The Post: “Based on his 14-year record as a lawmaker — a record dominated by his focus on incendiary wedge issues — we worry that Mr. McDonnell’s Virginia would be one where abortion rights would be curtailed; where homosexuals would be treated as second-class citizens; where information about birth control would be hidden; and where the line between church and state could get awfully porous. That is a prescription for yesterday’s Virginia, not tomorrow’s.”
Our take: Total hogwash. As AG, Bob McDonnell went after Internet child pornographers and gangs. As a legislator, he consistently supported lower taxes and economic development. And Bob McDonnell always hired individuals in the AG’s office based on merit and skill, and not gender, sexual orientation, or race. He hired the best people he could, period. To say his career was focused on “incendiary wedge issues” is utterly false. We especially liked the Post’s nod to Ted Kennedy’s infamous “Robert Bork’s America” speech with the reference to “Mr. McDonnell’s Virginia.” It was a disgusting smear then, and it’s a disgusting smear now. Shame on the Post.
The Post: “Mr. McDonnell has inspired a worthwhile debate over privatizing liquor sales in Virginia, one of 18 states that control the wholesale and retail trade in spirits. But by suggesting the state could use the proceeds of privatization as an ongoing funding source for road improvements, he has played fast and loose with the facts — first by plucking projected revenue figures from thin air and second by glossing over the question of what state services he would cut if the $100 million currently gleaned from annual liquor sales could be diverted for transportation.”
Translation: It’s a good idea, but we can’t say it because we’ve invested in the other guy to win. It is nice to see the Post worried about facts and figures “plucked from thin air.” Perhaps they might ask what revenues will result from Deeds’ hypothetical bipartisan commission on transportation or how much revenue Deeds’ gas tax that the Post love so much will generate. Thin air, indeed.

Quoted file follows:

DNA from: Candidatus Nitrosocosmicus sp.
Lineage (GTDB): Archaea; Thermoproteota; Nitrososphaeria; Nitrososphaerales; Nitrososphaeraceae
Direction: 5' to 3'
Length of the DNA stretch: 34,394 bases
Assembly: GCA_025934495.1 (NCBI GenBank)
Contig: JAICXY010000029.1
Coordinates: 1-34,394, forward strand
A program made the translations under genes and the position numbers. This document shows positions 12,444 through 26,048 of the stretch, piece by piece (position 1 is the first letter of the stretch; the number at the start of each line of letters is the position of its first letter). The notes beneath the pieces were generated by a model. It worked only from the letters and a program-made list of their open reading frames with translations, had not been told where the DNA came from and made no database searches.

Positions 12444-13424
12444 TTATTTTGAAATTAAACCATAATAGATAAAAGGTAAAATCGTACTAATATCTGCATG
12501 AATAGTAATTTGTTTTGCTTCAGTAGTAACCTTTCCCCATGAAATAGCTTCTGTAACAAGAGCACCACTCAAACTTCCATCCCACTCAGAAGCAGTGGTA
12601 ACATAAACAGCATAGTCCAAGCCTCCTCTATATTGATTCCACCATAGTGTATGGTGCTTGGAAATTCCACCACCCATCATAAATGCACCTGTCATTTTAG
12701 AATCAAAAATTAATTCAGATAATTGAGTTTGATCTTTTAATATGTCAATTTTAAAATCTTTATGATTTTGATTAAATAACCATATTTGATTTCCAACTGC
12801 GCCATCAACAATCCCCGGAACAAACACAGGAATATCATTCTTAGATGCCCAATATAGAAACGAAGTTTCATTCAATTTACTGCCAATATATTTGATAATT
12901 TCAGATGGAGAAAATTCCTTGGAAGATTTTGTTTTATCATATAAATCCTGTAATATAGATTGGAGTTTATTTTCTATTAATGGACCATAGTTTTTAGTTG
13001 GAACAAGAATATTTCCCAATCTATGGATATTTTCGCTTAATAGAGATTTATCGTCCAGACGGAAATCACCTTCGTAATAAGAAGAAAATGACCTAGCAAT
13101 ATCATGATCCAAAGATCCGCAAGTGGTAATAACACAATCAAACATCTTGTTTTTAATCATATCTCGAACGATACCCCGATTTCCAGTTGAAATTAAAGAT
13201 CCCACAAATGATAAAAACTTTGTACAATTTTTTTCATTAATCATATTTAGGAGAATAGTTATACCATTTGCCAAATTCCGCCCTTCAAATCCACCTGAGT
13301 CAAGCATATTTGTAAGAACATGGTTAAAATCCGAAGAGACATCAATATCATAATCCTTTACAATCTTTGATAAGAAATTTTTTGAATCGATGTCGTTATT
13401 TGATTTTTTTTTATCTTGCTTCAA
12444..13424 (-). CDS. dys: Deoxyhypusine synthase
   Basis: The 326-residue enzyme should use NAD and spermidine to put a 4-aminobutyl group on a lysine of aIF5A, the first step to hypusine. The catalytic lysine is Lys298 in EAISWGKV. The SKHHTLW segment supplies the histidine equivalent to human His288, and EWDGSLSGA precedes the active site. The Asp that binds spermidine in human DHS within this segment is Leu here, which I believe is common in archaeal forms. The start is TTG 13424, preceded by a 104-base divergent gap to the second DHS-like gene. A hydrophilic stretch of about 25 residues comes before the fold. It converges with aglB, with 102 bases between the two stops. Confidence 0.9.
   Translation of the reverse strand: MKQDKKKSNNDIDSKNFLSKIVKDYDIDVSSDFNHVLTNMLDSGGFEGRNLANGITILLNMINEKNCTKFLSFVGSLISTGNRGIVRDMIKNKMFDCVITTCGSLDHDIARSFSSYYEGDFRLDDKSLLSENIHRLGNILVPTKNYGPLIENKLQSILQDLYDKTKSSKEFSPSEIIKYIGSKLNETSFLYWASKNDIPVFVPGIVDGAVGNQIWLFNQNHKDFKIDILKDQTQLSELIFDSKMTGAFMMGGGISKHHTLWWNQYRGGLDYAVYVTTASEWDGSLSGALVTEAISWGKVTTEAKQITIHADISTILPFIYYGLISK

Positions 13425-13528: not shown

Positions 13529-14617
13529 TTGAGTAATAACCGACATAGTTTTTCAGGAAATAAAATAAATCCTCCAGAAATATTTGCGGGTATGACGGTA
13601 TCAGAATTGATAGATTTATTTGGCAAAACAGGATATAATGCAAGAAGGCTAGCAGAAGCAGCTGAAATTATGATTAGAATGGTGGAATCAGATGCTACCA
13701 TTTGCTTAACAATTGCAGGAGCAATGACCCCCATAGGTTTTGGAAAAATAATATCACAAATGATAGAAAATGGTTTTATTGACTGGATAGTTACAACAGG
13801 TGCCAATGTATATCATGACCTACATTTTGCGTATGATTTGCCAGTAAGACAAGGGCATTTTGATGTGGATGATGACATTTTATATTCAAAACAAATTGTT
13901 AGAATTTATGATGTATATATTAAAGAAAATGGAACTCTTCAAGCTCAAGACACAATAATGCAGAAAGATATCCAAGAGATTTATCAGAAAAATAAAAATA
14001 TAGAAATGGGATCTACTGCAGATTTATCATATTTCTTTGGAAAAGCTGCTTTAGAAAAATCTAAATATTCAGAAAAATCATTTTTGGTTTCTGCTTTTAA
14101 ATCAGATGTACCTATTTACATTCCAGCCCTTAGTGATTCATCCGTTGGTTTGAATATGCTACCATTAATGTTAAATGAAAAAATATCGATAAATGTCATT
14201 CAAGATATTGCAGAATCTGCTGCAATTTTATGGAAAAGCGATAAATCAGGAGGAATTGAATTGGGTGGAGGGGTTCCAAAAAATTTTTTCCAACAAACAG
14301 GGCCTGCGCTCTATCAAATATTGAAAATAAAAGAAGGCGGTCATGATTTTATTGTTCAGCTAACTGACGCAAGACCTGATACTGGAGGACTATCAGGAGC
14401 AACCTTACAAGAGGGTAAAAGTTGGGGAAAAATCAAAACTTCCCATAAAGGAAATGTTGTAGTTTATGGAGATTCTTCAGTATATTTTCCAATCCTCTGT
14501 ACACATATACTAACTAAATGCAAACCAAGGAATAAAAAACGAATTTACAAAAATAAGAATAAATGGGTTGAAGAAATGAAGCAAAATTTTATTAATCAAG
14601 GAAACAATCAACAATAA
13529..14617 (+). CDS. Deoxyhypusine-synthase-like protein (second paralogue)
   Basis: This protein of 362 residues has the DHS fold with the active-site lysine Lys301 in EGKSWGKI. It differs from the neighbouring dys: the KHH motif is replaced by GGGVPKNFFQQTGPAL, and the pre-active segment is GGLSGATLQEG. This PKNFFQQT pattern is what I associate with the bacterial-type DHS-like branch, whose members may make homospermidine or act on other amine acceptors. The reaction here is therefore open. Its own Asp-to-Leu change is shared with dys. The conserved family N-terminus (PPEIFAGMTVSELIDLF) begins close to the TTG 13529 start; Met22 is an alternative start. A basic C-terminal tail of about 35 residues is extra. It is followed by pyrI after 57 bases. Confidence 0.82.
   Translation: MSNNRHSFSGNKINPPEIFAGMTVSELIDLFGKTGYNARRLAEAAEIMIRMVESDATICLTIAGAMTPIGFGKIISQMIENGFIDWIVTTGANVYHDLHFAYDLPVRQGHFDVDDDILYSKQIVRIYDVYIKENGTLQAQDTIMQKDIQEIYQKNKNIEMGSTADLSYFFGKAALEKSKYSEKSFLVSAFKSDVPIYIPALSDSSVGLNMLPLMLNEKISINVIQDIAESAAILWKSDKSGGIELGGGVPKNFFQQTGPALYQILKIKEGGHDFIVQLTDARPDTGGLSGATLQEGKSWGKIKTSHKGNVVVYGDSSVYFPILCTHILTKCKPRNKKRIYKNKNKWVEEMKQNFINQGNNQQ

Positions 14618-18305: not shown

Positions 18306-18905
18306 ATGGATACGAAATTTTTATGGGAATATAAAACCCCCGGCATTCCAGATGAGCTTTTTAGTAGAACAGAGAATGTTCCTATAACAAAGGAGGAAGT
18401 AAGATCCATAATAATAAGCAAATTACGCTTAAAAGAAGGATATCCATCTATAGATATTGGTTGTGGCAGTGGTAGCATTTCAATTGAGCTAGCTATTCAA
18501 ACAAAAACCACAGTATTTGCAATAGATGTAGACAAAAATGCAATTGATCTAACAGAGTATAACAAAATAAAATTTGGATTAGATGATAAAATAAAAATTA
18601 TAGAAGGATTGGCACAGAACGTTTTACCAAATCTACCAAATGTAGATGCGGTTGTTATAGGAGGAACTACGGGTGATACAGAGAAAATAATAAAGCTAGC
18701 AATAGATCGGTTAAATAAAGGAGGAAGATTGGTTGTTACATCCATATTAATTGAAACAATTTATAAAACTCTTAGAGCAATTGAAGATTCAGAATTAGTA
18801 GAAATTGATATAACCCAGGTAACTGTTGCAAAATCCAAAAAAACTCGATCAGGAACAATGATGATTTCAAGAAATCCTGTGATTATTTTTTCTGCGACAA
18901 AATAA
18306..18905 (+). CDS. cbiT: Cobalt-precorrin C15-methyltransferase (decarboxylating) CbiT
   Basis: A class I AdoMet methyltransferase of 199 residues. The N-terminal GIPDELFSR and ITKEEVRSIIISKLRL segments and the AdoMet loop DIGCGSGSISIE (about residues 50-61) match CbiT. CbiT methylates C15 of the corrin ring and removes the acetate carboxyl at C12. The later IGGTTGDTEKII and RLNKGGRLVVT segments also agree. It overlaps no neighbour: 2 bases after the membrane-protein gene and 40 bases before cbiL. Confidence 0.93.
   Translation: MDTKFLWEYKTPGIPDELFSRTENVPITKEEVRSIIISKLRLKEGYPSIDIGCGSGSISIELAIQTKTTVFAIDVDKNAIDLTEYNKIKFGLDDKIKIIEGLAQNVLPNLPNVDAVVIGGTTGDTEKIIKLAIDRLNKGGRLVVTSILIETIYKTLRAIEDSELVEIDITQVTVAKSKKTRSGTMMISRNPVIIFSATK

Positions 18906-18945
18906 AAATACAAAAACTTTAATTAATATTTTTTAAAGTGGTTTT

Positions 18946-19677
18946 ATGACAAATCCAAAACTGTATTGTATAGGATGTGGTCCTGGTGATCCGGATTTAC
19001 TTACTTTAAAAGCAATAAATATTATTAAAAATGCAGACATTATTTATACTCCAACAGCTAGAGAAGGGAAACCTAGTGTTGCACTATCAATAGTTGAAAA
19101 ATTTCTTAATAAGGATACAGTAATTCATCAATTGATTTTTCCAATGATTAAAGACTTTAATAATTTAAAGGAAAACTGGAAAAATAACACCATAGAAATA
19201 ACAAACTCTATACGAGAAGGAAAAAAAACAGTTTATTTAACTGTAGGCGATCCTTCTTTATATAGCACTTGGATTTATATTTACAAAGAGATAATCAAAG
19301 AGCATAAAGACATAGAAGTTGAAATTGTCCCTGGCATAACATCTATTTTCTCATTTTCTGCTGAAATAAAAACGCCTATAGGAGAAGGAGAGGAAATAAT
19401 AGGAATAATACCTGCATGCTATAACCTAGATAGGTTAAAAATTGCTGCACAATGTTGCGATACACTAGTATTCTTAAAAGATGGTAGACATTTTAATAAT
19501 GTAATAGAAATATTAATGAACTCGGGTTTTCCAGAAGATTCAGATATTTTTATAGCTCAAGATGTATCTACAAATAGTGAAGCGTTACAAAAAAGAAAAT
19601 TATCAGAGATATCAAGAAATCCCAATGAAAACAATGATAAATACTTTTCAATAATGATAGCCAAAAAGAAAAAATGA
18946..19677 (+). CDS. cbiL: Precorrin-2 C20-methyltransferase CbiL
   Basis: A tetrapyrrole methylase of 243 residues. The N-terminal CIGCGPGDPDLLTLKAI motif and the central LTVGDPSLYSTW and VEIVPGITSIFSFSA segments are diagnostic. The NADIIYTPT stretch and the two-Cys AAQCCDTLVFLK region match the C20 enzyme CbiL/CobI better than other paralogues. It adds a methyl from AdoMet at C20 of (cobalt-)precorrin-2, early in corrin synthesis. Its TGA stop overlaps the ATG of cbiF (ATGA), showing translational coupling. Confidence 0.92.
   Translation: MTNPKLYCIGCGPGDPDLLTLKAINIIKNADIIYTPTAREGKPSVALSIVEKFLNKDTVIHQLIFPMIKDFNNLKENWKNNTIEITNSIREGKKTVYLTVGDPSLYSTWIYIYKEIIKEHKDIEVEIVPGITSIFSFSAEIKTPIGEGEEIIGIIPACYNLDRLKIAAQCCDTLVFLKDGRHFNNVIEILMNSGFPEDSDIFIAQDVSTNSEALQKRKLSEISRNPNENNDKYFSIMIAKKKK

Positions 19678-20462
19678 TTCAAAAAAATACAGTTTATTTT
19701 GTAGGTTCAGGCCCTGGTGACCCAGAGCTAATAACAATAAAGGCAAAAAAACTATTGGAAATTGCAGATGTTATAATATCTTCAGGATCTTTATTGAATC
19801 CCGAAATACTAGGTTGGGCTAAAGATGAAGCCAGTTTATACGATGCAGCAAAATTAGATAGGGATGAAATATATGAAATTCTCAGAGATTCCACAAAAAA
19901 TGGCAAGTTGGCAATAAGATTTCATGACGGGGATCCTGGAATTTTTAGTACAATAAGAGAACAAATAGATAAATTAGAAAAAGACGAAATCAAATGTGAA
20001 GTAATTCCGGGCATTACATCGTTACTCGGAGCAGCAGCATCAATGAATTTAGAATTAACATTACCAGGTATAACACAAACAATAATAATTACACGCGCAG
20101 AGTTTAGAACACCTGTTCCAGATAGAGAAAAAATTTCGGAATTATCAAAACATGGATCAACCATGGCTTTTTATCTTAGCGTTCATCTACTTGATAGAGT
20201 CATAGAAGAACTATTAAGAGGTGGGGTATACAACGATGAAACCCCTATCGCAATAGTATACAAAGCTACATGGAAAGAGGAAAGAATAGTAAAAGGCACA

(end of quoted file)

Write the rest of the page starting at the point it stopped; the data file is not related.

The Post: “Mr. McDonnell has sought to corner Mr. Deeds by focusing on debates in Washington over energy policy, labor union membership and other contentious federal issues. But a governor of Virginia can do little to influence the ideologically charged debates raging on Capitol Hill.”
Translation: Don’t blame Deeds for the cap-and-trade policies that will put companies out of business in Virginia. Even though the Democrats, led by Obama and DNC chair and itinerant Gov. Tim Kaine, are pushing for these policies. And don’t blame Deeds if the Democrats threaten Virginia’s right-to-work status, which has been responsible for making Virginia one of the best places to do business. Even though Deeds is being supported by all these people, is being almost single-handedly bankrolled by national unions (including the ACORN-friendly SEIU), and is reluctant to talk about either cap-and-trade or how deeply beholden to the unions he is.
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CONCLUSION: The Post has invested heavily in Deeds and the Democrats, and has tried to do what it did in the 2006 Senate race — destroy the Republican and get the Democrat across the finish line. But the Post has overreached, getting behind a candidate who cannot articulate a vision for Virginia because he doesn’t really have one, while at the same time the national Democrats are putting forth policies that are anathema to Virginia’s pro-business climate. The Post has turned itself into a pretzel trying to justify its support for Deeds, but it really boils down to one simple fact: Deeds has a (D) next to his name. As the Arlington Sun Gazette said, there are some people who will vote for Deeds only because he has a (D) next to his name. Congratulations, Washington Post, you’re one of them.